Relative versus General Price Level Effects

I find the ongoing discussion regarding Chinese inflation a little confused. Inflation in China is important for Chinese policy, but exchange rate pass through of Chinese costs to imports into the US appears to be fairly low in recent history (see both Figure 2, and this post regarding econometric estimates), around 0.20. Exchange rate pass through seems to be about double that.

But even then, the change in import prices does not necessarily translate into a price level change. What would be required for that is there be overall upward pressure on prices. To the extent that tremendous excess slack persists in the US economy [3], higher import prices should translate into a relative price, not general price level, change. One study that does not agree with that view is described here. But even if Chinese imports stop applying downward pressure on US prices, it’s not an either/or proposition. It could be relative prices of Chinese imports still rise relative to the general price level. And that is what is necessary for rebalancing the US economy.

On an interesteing side note, if Chinese import prices cease to put downward relative price pressure on US import competing goods, then the wage losses that David Autor et al. pointed out will dissipate. This observation highlights the fact that one cannot view accelerating Chinese inflation as an unvarnished negative.

Monetary Policy and the Exchange Rate as an Insulating Variable under Floating

Finally, I think it’s important to recall, amidst the simple-minded angst about loose US monetary policy being exported, and driving up inflation around the world (e.g., here), that the Chinese have accelerating inflation due in part to the fact that they quasi-peg to the US dollar. That is not an immutable. A more autonomous monetary policy and faster exchange rate appreciation could mean lower inflation in China (simple analytics in this post).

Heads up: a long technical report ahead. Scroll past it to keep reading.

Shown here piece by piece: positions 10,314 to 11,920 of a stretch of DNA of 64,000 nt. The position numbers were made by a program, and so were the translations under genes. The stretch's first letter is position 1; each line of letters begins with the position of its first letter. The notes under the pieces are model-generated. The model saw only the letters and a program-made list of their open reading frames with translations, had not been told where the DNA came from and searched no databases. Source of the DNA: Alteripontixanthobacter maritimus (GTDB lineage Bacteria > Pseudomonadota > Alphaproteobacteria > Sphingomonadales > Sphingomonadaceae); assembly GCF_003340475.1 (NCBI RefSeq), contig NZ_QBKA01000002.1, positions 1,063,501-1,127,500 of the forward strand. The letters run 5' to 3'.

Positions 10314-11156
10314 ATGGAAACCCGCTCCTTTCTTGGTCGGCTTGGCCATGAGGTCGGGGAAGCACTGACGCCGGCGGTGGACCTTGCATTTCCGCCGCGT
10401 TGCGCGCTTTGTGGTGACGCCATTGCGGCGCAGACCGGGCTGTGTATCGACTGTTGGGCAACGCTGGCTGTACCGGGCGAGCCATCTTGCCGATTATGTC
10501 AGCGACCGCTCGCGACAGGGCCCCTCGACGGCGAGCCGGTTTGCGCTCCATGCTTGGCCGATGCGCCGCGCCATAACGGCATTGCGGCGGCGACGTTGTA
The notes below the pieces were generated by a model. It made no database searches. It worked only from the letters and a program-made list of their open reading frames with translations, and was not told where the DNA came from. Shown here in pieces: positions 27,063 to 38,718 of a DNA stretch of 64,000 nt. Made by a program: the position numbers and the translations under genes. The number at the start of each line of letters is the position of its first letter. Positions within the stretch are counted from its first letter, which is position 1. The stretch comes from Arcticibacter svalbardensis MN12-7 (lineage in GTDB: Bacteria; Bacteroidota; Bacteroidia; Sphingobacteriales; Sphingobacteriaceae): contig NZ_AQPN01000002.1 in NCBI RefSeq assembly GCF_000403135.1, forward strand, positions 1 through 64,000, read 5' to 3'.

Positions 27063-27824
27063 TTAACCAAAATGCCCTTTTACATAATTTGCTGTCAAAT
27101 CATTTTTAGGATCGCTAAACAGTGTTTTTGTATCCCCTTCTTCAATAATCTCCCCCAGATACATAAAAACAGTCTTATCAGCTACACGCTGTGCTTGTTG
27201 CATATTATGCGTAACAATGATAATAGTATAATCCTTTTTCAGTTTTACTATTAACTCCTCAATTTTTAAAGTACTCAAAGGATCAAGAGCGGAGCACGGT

Addendum: As for Chinese officials’ views on the appreciation/monetary contraction approaches, see this excerpt from IDEAGlobal Asian Regional Markets (20 April 2011) [not online]:

During the last couple of days, some senior Chinese officials made interesting comments on CNY exchange rate policies. PBoC deputy governor Yi Gang said at the IMF ministerial meeting in Washington that CNY appreciation against USD and other currencies in PBoC’s basket will help China to fight inflation, and that CNY is close to being freely usable, which would meet one main requirement of being included in the SDR. Meanwhile, PBoC Governor Zhou Xiaochuan said that China will continue to reform monetary and financing systems to allow more flexibility in the CNY exchange rate. However, he also said that it is difficult to measure effect of exchange rates in containing inflation from a technical perspective. Yi Gang has been an active proponent of exchange rate policy as a measure to fight inflation, although he suddenly changed his rhetoric and said something like ‘CNY is very close to equilibrium now’ in March. The comments suggest that the idea of exchange rate policy as a tool against inflation might be regaining momentum in China. Yi Gang’s comment on CNY’s usability and Zhou’s comment on more flexibility in CNY confirms the underlying trend of opening up CNY and suggests that the Chinese policy makers feel the need to speed up the process. …


This post originally appeared at Econbrowser and is reproduced here with permission.